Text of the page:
Next Step in 3-D Printing: Your Kidneys

cross section of kidneys

Dr. Anthony Atala, a regenerative medicine specialist at Wake Forest University, is pioneering the use of printing techniques to reconstruct and repair human flesh and organs. The basis is a combination of cultured human cells and scaffolding built or woven from organic material.

In one staggering setup, a patient lies on a table and a flatbed scanner literally scans her wound, followed by a printer that adds just the right types of tissues back on at the right depth. "You can print right on the patient," Dr. Atala told the TED audience on Thursday. "I know it sounds funny, but it’s true."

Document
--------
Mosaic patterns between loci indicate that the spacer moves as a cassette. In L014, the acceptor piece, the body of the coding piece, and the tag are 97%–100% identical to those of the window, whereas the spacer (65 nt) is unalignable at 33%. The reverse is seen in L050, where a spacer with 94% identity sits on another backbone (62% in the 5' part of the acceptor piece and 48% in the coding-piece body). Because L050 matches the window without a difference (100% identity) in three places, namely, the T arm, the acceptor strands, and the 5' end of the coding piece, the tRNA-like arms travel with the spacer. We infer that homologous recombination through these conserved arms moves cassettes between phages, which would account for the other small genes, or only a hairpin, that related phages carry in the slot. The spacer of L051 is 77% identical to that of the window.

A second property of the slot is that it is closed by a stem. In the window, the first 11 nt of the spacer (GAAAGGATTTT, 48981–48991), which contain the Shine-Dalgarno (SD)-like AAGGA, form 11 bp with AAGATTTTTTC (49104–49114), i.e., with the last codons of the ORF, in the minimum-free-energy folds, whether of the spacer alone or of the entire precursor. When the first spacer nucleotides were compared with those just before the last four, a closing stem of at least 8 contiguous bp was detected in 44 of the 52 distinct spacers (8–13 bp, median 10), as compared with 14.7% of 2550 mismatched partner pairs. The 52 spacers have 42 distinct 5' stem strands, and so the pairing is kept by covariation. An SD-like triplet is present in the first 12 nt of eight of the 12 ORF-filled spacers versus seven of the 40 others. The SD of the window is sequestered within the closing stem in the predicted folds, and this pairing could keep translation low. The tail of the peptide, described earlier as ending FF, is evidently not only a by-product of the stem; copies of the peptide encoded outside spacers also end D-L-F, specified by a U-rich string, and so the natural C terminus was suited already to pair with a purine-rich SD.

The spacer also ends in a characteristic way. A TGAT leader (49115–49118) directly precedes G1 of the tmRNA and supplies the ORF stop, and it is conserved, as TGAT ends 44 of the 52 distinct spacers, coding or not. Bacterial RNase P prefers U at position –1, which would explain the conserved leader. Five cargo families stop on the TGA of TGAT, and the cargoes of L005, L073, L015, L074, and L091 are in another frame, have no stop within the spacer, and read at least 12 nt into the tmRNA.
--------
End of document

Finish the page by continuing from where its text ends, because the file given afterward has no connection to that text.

The next evolving step is the use of 3-D printers, which I wrote about on Tuesday, to rebuild human organs. Ninety percent of patients on the organ donation list are waiting for kidneys, a fist-size organ with a profusion of tiny blood vessels. To build a customized kidney, first you scan the patient with a CT scanner, then use 3-D imaging techniques to create a computerized form that the printer can read, and finally build the organ layer by layer. Printing a new kidney currently takes about six hours, and once the technology is perfected, it will last for a lifetime—a young man, Luke Masella, came out on stage who had similar surgery to his bladder 10 years ago.

This post has been corrected—it previously implied that Masella had had his kidney replaced.

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